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    Symbolic Interactionism

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    Symbolic Interactionism On the surface, sociology is the study of society and human behavior; yet looking deeper, it is the study of humans in groups and how they interact with one another. Sociologists look at these groups by means of the sociological perspective. This involves looking at a certain behavior like it has never been looked at it before. When done right one can come to a deeper level of understanding about behavior. Using your sociological imagination you are able conceptualize

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    Required Question: The symbolic interactionist approach is, quite literally, how we interpret the world around us, given the symbols which construct society; essentially, it is how we interpret the meanings of the goings-on around us in the everyday world. We interpret these meanings based off of learned meanings, which are derived from a societal interpretation that is reproduced both consciously and unconsciously through the members of a society every day. The symbolic interactionist approach

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    Applications of Symbolic Interactionism Theory George Herbert Mead begins his discussion of symbolic interactionism (talking with others) by defining three core principles that deal with meaning, language, and thought. The theory states that meaning is the construction of social reality. Humans act toward people or things on the basis of the meanings they assign to those people or things. The second principle of symbolic interactionism is language, which is the source of meaning. Meaning

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    Symbolic Interactionism Theory

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    Symbolic Interactionism Theory George Herbert Mead studied and used an interactionist approach for many years. He was a philosophy professor at the university of Chicago. Mead thought that the true test to any theory is whether or not it is useful in solving complex social problems (EM Griffin, p.83). So Mead decided to study the procedures of communicating, specifically with symbols, the theory was titled Symbolic Interactionism. Mead declared that our gift of language, our ability to manipulate

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    Herbert Blumer's Symbolic Interactionism

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    Herbert Blumer's Symbolic Interactionism THE THEORY Symbolic Interactionism as thought of by Herbert Blumer, is the process of interaction in the formation of meanings for individuals. Blumer was a devotee of George H. Mead, and was influenced by John Dewey. Dewey insisted that human beings are best understood in relation to their environment (Society for More Creative Speech, 1996). With this as his inspiration, Herbert Blumer outlined Symbolic Interactionism, a study of human group life and

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    and standpoints. The major perspectives sociologists focus on are interactionism, conflict theory and functionalism. Each of these perspectives helps explain the influence people have on society and vice versa. Every one of these perspectives hones in on a scaled view of different groups; these views go from looking at individual relationships of families, all the way to analyzing an entire population within a big city. Interactionism focuses on the basis of social life. Social life, on a whole, is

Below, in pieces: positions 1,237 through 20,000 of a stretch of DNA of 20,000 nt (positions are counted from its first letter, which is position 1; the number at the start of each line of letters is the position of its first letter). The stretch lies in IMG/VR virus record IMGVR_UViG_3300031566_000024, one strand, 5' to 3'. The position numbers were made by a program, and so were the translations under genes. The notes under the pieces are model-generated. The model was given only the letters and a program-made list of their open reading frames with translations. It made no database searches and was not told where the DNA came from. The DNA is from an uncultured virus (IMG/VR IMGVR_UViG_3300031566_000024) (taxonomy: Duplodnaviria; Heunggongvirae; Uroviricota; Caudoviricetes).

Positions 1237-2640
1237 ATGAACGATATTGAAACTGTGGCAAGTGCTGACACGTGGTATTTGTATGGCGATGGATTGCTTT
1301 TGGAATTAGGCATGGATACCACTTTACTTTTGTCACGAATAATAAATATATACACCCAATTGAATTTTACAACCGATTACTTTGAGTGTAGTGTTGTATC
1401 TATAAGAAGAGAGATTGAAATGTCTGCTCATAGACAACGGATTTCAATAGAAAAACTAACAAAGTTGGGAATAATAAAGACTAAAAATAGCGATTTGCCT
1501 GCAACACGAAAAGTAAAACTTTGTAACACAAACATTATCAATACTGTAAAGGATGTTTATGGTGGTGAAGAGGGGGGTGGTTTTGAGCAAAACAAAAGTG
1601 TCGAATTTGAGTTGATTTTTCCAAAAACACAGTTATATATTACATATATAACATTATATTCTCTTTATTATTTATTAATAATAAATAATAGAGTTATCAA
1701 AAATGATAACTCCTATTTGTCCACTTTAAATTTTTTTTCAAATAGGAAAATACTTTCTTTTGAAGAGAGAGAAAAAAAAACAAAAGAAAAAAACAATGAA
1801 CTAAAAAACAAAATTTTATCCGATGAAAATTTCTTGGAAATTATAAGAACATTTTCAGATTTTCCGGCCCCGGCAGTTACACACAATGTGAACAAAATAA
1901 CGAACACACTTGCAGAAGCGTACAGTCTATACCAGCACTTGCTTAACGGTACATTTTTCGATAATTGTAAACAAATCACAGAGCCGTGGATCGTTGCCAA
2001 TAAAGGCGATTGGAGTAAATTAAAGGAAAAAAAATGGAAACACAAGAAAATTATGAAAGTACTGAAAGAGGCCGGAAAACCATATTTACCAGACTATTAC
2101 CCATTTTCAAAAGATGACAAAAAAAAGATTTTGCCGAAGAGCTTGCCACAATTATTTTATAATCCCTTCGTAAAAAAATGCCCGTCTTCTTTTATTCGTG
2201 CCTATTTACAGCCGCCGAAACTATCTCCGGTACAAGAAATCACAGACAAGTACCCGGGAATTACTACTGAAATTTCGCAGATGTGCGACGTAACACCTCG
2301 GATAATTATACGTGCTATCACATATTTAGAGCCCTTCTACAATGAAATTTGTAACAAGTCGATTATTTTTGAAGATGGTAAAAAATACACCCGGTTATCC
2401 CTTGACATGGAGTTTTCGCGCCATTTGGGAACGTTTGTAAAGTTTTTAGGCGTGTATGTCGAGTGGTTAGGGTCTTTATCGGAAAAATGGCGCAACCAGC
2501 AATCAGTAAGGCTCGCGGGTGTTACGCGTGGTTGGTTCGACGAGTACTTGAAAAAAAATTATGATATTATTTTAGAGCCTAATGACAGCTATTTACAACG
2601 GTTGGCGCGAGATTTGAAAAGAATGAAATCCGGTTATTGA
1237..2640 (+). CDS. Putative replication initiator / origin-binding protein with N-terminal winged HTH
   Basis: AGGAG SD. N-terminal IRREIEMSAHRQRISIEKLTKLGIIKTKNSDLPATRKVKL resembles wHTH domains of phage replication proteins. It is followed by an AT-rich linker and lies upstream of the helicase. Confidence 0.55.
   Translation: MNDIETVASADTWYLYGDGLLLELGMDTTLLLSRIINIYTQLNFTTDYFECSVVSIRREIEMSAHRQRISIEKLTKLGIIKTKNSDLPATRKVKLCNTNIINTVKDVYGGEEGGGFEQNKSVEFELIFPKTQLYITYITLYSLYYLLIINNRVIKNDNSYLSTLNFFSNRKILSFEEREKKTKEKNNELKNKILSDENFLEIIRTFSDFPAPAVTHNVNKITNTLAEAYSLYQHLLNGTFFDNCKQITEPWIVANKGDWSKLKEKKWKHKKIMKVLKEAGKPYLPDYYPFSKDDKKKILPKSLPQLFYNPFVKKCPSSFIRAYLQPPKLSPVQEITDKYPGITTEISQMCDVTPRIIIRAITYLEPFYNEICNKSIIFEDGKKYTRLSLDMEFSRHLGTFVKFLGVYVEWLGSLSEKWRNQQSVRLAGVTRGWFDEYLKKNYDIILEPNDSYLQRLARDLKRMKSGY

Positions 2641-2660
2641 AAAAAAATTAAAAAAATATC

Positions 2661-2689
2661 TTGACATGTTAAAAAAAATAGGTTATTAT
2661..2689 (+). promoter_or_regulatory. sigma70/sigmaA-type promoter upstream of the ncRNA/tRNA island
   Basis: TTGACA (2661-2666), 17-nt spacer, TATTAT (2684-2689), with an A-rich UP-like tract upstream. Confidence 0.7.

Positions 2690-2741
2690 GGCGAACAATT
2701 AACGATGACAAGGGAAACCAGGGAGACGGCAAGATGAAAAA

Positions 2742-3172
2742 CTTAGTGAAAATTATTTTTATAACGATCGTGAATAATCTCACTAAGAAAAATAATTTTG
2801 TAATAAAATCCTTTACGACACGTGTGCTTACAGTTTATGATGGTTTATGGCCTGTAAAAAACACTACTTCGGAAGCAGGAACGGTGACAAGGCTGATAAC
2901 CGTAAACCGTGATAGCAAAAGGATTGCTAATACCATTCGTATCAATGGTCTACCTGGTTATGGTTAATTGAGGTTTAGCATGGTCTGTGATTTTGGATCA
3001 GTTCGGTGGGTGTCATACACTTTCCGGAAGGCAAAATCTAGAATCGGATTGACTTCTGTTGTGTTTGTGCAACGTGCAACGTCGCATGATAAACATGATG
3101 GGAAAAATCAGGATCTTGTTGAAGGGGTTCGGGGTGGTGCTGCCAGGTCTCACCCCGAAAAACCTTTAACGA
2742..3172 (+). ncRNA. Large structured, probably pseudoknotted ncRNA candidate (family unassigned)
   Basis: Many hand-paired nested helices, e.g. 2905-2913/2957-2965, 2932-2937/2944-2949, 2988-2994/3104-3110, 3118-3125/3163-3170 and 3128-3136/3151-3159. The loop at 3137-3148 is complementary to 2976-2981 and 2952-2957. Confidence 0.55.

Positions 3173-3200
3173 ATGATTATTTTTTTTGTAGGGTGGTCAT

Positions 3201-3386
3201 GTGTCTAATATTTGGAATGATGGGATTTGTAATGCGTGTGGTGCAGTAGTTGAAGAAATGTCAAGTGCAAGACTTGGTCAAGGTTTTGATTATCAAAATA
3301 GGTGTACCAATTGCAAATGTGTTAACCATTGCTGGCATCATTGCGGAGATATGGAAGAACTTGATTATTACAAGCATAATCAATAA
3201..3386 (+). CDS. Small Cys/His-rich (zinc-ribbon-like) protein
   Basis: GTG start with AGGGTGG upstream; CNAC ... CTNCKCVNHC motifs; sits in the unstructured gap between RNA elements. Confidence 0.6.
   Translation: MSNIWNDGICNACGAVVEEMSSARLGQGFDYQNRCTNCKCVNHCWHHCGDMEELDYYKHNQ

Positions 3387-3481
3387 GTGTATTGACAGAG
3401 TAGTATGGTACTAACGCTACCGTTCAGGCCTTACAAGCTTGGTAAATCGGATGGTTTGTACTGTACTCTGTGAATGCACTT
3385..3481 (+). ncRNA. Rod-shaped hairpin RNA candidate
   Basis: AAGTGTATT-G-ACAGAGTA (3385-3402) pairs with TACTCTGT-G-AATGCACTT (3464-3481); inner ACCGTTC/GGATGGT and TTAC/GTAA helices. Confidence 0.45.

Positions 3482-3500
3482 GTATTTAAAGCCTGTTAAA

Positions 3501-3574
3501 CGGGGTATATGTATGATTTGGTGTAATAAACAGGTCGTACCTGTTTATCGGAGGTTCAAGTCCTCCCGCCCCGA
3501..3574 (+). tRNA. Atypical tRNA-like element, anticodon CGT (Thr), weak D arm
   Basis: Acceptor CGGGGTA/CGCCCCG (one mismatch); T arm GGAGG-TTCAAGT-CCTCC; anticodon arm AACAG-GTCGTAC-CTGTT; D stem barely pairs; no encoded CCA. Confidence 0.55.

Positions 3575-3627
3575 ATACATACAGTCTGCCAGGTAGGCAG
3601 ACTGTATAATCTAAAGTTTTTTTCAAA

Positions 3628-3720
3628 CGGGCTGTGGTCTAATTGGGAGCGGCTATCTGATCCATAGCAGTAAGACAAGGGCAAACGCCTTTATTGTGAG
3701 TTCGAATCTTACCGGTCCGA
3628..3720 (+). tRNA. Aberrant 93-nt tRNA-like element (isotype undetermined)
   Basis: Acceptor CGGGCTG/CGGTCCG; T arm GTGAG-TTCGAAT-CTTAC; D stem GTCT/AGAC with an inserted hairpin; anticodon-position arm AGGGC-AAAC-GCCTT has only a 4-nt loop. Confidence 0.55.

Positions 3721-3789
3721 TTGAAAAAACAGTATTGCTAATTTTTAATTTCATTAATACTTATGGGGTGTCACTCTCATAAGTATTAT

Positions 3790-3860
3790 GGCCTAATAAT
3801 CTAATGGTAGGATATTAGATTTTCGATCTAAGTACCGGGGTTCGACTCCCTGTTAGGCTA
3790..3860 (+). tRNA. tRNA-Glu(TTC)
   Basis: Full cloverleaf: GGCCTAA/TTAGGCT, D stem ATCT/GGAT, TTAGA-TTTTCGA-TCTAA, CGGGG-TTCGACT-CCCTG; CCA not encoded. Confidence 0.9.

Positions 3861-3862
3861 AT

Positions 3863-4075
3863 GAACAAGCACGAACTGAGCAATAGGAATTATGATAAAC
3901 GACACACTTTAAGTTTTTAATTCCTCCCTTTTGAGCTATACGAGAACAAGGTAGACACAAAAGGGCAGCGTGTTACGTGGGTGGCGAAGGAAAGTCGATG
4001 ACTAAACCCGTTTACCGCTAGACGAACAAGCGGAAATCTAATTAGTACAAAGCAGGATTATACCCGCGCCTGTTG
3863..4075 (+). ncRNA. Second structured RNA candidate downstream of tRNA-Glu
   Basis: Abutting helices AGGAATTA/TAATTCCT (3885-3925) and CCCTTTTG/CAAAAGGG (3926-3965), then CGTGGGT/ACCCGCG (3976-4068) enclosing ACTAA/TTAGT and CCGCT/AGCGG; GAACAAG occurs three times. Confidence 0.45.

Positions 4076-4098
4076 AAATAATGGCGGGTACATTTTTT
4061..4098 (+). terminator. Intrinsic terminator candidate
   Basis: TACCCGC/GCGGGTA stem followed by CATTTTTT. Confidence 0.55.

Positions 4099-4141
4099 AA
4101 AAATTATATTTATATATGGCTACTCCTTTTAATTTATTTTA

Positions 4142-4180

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    both macro and micro levels. It focuses on the causes, effects and changes in society, as individuals, and as a whole. These events or trends are seen through three basic perspectives or paradigms of sociology, namely; Functionalism, Symbolic-Interactionism and Social-Conflict theory. The following is an analysis of media as a social institution through the point of views of the three main Sociological perspectives. Media has a direct influence on present culture. The moods and attitudes, as well

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    When we have interpersonal communication with others, we tend to take a symbolic interactionism approach to suggest an interconnectedness between us. Here, symbolic interactionism is described as the use of familiar meanings and thoughts behind our phrases or words. There is a desire to want our individuality to be understood and accepted in a social environment because we want to communicate with that social environment’s culture. Thus, Carly Rae Jepsen’s song “I Really Like You” (CarlyRaeJepsenVEVO

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    criminal justice system and the community at large. From this point of view, criminal actions themselves are not significant; it is the social reaction to them that are (Bernard, Snipes, and Gerould, 2010). This point of view is called Symbolic Interactionism. Developed by George Herbert Mead, Charles Cooley, and Herbert Blumer in the early twentieth century, they claimed that deviance creates a process of social definition which involves the response from others to an individual's behavior; which

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    The main points of the Symbolic Interactionism perspective is that symbols are what shape how we communicate and how we view the world. Our changing ideas affect how we understand and view different things around us. Without symbols society would be not be very coordinated, people wouldn’t be able to specify a specific time for school or where to meet for lunch. The main points of the Functional Analysis perspective, is that society is made up of several individual parts that work together for society

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